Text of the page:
There’s More Than One Way to Get a High IELTS Score
A very common idiom that native English speakers use is “There’s more than one way to skin a cat.” It means that there is more than one way of achieving an aim or doing something.
This is one of the most difficult things for IELTS students to understand- there are many different techniques, strategies, methods etc. that you could use to help you get a high mark.
The IELTS test, especially the speaking and writing parts, is not like a maths test where there is only one correct answer to a question. Alright, there is normally just one correct answer to a listening and reading question, but there are many different ways you could get to that correct answer.
I get emails every day from students asking questions like:
- My teacher told me to do X this way. Why do you not agree?
- My IELTS book says X. Why do you say the opposite?
- Why did you write X? My friend did it a different way and got a 7.
The emails above are all assuming that there is just one correct way of doing things, when in reality there are many ‘correct’ ways.
Why is there so much conflicting advice?
Quite simply, it is much easier to tell students one technique or strategy than to teach them 3 or 4.
For example, it is much easier to tell a class or write in a book ‘You should do X.’, than to say something like ‘You could do X, but you could also do Y, and in certain circumstances you could also do Z.’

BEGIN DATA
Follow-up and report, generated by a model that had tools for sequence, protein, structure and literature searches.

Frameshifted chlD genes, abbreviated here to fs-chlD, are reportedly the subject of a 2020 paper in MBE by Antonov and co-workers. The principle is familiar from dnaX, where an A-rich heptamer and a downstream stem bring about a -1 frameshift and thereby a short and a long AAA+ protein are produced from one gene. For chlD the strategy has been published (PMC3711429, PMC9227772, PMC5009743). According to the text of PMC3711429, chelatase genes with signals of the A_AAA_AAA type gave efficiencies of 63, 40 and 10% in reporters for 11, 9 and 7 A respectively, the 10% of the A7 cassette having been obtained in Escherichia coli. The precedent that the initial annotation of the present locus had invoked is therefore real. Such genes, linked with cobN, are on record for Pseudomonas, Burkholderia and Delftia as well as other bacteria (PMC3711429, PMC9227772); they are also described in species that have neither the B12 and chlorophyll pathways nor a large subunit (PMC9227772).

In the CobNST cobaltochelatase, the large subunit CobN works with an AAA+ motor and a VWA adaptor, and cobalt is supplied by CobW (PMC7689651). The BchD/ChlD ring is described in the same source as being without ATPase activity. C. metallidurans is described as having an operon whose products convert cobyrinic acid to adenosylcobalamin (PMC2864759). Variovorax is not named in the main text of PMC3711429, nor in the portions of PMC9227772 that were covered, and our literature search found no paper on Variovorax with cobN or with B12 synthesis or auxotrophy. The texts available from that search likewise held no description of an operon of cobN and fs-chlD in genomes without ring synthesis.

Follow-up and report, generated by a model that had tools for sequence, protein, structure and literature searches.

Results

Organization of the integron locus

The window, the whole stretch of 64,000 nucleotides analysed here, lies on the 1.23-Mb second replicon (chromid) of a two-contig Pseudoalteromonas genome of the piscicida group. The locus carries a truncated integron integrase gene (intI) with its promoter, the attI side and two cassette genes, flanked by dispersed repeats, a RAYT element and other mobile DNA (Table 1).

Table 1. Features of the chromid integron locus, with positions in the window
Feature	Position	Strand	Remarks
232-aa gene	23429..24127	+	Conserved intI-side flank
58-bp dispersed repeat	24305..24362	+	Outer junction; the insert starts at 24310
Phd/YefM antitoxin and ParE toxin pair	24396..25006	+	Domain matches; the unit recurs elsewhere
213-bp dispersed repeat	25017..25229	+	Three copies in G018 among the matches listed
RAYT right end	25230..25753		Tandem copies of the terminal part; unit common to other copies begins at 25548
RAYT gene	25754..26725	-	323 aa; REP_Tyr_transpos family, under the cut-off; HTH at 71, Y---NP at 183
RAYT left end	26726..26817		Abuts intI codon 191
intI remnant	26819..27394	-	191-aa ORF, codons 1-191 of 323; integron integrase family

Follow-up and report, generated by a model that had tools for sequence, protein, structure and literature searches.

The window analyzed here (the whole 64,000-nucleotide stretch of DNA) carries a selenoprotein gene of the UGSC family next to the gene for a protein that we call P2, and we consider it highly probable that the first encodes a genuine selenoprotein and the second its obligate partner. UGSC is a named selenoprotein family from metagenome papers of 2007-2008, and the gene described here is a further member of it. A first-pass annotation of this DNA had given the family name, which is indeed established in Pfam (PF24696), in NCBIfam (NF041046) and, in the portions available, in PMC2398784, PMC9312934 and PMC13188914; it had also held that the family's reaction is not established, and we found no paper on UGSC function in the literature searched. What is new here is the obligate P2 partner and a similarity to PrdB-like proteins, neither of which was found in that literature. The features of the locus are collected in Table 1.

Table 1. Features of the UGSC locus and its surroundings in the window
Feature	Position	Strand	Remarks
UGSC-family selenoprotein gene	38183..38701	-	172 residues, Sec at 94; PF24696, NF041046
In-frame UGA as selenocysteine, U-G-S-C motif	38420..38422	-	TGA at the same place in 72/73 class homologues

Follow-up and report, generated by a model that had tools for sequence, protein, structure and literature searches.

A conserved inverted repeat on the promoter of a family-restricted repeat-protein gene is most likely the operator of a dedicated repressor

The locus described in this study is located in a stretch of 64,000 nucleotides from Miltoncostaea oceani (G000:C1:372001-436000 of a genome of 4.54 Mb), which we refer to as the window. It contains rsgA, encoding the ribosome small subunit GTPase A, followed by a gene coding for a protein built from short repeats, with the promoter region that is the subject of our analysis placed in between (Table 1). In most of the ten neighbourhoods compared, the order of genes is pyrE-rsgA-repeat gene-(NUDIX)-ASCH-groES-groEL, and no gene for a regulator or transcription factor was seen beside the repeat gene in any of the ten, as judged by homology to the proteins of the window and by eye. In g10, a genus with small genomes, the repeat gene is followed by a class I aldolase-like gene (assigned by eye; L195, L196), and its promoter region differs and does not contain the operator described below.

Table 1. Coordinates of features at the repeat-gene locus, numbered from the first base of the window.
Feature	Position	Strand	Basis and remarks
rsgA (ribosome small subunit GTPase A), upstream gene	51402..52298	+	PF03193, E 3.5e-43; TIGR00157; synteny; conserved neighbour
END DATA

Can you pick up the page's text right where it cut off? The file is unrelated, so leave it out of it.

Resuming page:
The first approach is straightforward and accomplishes the aim of the lesson, but the second approach will cause mass confusion and will take an unnecessary amount of extra time to explain and teach.
One of the most common questions I get asked is about overviews in Task 1. Some teachers call these overviews and some call them conclusions or summaries. Some teachers tell their students to put them after the introduction and some tell them to put them at the very end. This results in lots of frustration and anxiety for the student who hears ‘conflicting’ advice.
Similarly, for ‘agree or disagree’ essays, some teachers say that you should totally agree with one side, while others believe that a more balanced approach is preferable. If done correctly, both could get you a high mark.
Who to Trust?
With so much conflicting advice, it is difficult for a student to know who to trust. It is a high stakes exam and costs a substantial amount of money, so it totally understandable that you want the best advice.
My advice would be to only use sources of information and teachers that have a proven record of helping students get the scores they deserve. It is totally acceptable to ask your teacher questions if you think their advice conflicts with something else that you’ve heard, but once you trust that they know what they’re doing, you should take their advice and follow their techniques and strategies.